Capitals were undone by their poor power play


Eric Fehr heads to the ice during a power play against Dwayne Roloson's Lightning. Washington was 0 for 5 with the extra man Friday night. (John McDonnell/THE WASHINGTON POST)
April 30, 2011

The Capitals outshot the Lightning, 28-24, in Game 1 of the conference semifinals at Verizon Center. They outhit their guests, 28-19, and had the upper hand on faceoffs, too, winning 54 percent of them.

But they were undone Friday by the one statistical category that often separates winners from losers each spring: special teams. The Bolts converted one of their four power-play opportunities, while the Capitals failed on five opportunities in a 4-2 defeat that Tampa Bay sealed with an empty-netter.

The Alex Ovechkin-dominated unit might deserve a pass had it been just one bad performance. But it has been a season-long struggle, one made all the more confounding by the fact that it possesses one of the most talented rosters in the NHL and, only 13 months ago, led the NHL at 25.2 percent. Even after struggling for the first five months this season, the power play finished the regular season strong, connecting at a 26.6 percent clip over the final 15 contests.

On Friday, though, it was disjointed, lethargic and, at times, just plain lazy, mustering five shots on goal while surrendering five short-handed shots against.

The power play also committed three giveaways, was whistled for offsides three times. Ovechkin did not record a single shot on net with the man advantage, despite 7 minutes 3 seconds of ice time. Two power plays, in fact, resulted in no shots at all.

But statistics weren’t the most damning indictment of the power play’s effort. That came during Coach Bruce Boudreau’s postgame news conference.

“We weren’t getting to any loose pucks, once there was a shot,” he snapped. “And we weren’t shooting the puck, which is what we were talking about. We were talking about getting the puck to the net, crash the net and simplify the game.”

Asked to expound on his comments after Saturday’s sparsely attended optional practice, Boudreau said of the need to work harder: “Like you guys, I watch TV. And every time you listen to a press conference of a coach who loses, he says: ‘We didn’t win the battles, we didn’t get the loose pucks. If you don’t do that, you’re not going to be successful.’

“I thought they got more than we did last night,” he added. “It’s the only way you get success. The natural instinct is we’re a man up, so it’s a goal-scoring opportunity. The whole thing of it is, if the penalty killing works harder than the power play, that usually nullifies the man advantage.”

The Capitals’ skilled players, no doubt, were outhustled by Tampa Bay’s penalty killers. The Lightning’s penalty kill ranks second in the playoffs with a 97.5 percent effectiveness rate, having extinguished of 39 of 40 short-handed situations dating to its first-round series against Pittsburgh. But the Lightning received plenty of help from its opponent in Game 1.

Washington received the break it so desperately needed with 5:58 to play — or so it seemed. With his team trailing 3-2, Lightning winger Teddy Purcell was sent to the penalty box for hooking defenseman Scott Hannan on a touch-up. Instead, the Capitals put on a clinic on how not to execute a power play.

The unit set up in the Lightning zone on three occasions. The first time, the Capitals made eight — yes, eight — passes along the perimeter before Nicklas Backstrom delivered a low-percentage shot to Dwayne Roloson’s chest protector with little traffic in front. Later on the same advantage, Washington was whistled for a pair of offsides, one on Alexander Semin and the other on Jason Arnott. After the first one, Boudreau could be seen on the bench grimacing while stroking his cheek.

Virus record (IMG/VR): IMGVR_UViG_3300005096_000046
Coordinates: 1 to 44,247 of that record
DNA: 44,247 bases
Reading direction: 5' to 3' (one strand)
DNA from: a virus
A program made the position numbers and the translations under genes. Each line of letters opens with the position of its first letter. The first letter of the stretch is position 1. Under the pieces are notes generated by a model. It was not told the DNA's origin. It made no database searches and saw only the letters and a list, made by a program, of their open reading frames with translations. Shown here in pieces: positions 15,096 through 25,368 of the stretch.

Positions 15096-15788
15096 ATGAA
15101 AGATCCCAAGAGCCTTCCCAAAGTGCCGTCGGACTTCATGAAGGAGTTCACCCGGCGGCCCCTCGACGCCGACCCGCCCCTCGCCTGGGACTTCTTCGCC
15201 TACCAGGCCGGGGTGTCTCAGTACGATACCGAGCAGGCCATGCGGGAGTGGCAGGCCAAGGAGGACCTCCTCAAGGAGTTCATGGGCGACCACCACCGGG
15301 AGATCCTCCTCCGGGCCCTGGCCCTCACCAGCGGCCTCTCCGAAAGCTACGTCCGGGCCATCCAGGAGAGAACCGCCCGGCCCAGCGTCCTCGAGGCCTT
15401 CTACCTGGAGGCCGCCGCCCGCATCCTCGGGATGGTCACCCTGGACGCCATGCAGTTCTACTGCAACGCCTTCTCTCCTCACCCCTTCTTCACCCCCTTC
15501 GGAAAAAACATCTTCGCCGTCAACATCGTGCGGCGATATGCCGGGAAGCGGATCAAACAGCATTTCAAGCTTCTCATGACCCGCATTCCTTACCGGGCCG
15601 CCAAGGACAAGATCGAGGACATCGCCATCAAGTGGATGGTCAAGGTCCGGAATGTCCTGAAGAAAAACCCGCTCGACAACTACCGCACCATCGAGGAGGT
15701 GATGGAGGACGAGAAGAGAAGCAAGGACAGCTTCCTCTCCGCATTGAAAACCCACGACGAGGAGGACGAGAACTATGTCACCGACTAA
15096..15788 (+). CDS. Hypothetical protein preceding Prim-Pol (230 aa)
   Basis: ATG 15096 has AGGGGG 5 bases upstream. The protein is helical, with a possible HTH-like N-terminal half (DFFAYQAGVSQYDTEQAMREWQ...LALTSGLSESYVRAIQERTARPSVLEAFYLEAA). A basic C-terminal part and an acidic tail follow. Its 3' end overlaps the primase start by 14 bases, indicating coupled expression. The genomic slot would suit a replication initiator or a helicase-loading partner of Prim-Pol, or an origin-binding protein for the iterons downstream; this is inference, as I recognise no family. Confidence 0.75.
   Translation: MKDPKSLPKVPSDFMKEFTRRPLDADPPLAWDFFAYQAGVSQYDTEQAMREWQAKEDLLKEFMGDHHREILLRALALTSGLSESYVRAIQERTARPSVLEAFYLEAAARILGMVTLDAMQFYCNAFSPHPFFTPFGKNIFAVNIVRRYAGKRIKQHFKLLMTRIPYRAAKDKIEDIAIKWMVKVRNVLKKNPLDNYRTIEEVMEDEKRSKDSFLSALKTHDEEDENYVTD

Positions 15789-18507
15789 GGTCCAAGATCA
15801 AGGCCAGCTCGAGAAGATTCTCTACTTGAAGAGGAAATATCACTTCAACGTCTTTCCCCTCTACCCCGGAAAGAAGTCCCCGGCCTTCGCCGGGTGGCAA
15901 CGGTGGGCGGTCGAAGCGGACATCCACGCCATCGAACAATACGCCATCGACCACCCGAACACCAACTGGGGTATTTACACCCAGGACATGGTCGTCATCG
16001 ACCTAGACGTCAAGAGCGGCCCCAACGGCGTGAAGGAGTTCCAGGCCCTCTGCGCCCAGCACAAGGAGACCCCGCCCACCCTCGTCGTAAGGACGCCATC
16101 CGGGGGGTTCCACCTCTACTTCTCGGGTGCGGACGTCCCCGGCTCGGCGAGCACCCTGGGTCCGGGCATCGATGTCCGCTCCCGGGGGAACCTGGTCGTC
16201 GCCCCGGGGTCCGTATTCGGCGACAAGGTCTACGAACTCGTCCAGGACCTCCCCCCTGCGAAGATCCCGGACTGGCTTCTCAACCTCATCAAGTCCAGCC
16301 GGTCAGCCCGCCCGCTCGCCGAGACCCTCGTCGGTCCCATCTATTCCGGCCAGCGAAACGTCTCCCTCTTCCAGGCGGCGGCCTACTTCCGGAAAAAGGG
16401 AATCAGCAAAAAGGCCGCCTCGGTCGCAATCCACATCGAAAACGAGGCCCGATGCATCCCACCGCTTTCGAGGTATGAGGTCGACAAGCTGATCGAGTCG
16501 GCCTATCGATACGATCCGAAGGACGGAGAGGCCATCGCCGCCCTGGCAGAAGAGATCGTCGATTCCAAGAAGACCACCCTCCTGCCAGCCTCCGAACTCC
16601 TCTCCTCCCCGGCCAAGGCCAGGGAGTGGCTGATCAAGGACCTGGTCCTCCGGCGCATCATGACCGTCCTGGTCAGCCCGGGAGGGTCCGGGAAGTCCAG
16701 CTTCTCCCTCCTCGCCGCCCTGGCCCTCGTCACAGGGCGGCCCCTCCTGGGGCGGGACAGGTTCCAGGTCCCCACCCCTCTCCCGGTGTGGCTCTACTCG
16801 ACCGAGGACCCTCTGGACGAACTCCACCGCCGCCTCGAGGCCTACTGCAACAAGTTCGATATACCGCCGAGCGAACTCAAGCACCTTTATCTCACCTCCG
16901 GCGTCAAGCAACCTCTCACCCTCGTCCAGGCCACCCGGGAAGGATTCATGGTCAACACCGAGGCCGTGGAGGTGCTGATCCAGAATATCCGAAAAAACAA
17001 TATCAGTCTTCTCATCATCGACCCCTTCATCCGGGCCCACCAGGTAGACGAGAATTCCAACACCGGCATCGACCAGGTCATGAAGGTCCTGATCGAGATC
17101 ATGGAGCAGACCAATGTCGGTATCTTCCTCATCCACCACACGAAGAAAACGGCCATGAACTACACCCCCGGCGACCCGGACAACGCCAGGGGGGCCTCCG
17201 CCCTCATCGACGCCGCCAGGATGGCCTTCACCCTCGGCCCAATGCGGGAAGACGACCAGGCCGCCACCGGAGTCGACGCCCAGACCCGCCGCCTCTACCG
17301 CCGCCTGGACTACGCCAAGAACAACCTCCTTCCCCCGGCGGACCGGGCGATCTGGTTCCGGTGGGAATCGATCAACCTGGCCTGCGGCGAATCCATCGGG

“On the two broken plays, guys were a little anxious to get on the puck,” Boudreau said. “When you’re out of sync, you’re out of sync, and these things happen.”

Ovechkin also had a breakout pass picked off at center ice during the late-game advantage. Moments later, Semin fired the second shot from long range, again with Roloson getting a clear look at it.

“We all knew what we have to do on the power play,” Ovechkin said. “But on the last power play we tried to do too much because it was 3-2 and there were five minutes, six minutes left in the game.”

So the final, disjointed power play came and went with the Capitals’ registering two shots on net, virtually no sustained pressure and not a single rebound chance.

“They did a good job, no question, but we have to get more shots,” said Arnott, who didn’t record a shot on the power play. “We were trying to be too fancy and not getting pucks to the net and not having guys around the net. They did a good job of keeping us on the perimeter, but we have to do a better job of attacking.”

If the Capitals need a reminder of how to score on the power play, they need not look further than Steven Stamkos’s winner. Tampa Bay defenseman Eric Brewer skated the puck down to the goal line and fired a tight angle shot at the Capitals’ net, just hoping to create a rebound opportunity.

You know what? It worked. Capitals goalie Michal Neuvirth couldn’t control the rebound, and Stamkos, parked at the side of the blue paint, flipped it into the net.

Brewer made the simple play. Stamkos ventured into a high traffic area. And, like that, Tampa Bay stole home ice advantage.

“That’s usually how goals go in,” Arnott said of the Lightning’s power-play strike. “Get a shot on net, the goalie makes a save and there are players there to bang in rebounds.”

Sounds straightforward enough, doesn’t it? The Capitals had better hope Arnott wasn’t the only player who took note of it.

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